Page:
“Innocents Lost” really breaks no new ground, just tells another chapter. Stone, now retired, is still trying to find an inner equanimity and peace. Seeing an unorthodox therapist, consorting with a younger woman, staying grounded with his old colleagues–Jesse’s existence is a quiet one. When a young girl whom Jesse feels responsible for ends up dead in an apparent overdose, he feels deep guilt and sets out to determine what went awry. He is also asked to consult on a murder case in the city where the police feel that their suspect is innocent. Retirement doesn’t seem so uneventful after all! The story leads to some unexpected places–as the girl’s life spiraled out of control, several key factors and nefarious influences led her astray. But how far is Jesse willing to take his off-the-books investigation, and to what purpose?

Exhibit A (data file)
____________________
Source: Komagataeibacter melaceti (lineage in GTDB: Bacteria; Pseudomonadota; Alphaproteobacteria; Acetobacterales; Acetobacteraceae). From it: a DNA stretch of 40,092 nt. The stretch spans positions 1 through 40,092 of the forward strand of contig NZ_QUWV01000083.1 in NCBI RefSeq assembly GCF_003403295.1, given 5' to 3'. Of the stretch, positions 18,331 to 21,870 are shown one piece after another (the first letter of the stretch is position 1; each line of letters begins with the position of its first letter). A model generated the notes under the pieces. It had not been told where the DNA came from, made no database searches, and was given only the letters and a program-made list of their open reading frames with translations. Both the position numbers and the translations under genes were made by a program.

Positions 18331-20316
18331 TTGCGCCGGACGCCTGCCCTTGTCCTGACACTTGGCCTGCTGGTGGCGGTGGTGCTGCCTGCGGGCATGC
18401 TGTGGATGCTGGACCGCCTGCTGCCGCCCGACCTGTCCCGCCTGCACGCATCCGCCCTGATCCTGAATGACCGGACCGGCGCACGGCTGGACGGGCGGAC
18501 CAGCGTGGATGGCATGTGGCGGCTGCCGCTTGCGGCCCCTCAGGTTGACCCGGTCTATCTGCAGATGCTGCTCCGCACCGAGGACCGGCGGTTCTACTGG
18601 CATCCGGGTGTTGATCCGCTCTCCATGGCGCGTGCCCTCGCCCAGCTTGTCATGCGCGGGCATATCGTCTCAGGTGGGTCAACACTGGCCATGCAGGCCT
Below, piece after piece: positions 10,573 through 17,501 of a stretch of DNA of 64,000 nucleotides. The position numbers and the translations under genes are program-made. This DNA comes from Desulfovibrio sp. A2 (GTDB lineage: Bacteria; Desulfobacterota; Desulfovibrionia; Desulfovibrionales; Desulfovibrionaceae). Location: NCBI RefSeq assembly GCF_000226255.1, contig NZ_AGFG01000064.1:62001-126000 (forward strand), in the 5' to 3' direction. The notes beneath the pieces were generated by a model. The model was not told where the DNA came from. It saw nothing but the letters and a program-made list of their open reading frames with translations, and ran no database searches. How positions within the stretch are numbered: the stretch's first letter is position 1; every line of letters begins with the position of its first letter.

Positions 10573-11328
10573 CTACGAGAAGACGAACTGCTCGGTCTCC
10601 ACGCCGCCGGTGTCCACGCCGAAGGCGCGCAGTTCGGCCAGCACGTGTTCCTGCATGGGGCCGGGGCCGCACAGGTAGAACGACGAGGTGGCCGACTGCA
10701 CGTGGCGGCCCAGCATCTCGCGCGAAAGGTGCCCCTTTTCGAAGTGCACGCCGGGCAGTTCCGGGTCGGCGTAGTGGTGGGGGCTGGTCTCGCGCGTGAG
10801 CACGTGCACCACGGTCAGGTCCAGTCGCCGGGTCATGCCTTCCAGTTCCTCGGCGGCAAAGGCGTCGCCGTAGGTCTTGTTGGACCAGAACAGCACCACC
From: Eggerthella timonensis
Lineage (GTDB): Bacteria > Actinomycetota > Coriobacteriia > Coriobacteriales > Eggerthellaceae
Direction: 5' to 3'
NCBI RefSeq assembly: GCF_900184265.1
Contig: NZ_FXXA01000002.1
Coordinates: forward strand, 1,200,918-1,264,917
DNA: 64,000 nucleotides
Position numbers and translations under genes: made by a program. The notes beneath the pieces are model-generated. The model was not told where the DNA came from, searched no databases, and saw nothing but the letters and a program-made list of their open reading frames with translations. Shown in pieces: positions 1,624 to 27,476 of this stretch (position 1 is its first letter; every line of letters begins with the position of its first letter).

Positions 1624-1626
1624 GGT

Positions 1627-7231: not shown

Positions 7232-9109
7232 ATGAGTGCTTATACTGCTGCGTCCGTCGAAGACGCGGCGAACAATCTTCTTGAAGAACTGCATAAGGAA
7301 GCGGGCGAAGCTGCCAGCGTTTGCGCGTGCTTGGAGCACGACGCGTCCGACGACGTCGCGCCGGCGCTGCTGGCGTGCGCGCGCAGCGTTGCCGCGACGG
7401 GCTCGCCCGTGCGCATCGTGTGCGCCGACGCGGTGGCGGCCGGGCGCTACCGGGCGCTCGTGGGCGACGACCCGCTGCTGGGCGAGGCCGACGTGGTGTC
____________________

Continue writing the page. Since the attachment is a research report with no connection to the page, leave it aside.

Those who have followed the series will see plenty of familiar and expected faces. Most noteworthy, we see his former co-workers (Kathy Baker and Kohl Sudduth) adjusting to the new Paradise Police Chief. But despite some nice moments, this remains very much Selleck’s show! Jesse Stone must surely be one of the most laid back heroes to ever grace the small screen and Selleck has perfected the minimalism necessary to make this character stand out. In the film world of quick cut editing, these films defy expectation by unfolding at a very leisurely pace. “Innocents Lost” fits comfortably into its place in the Stone lexicon. This one is less about mystery and intrigue and more about spending time with Selleck and Stone–a pairing that has become virtually iconic. KGHarris, 5/11.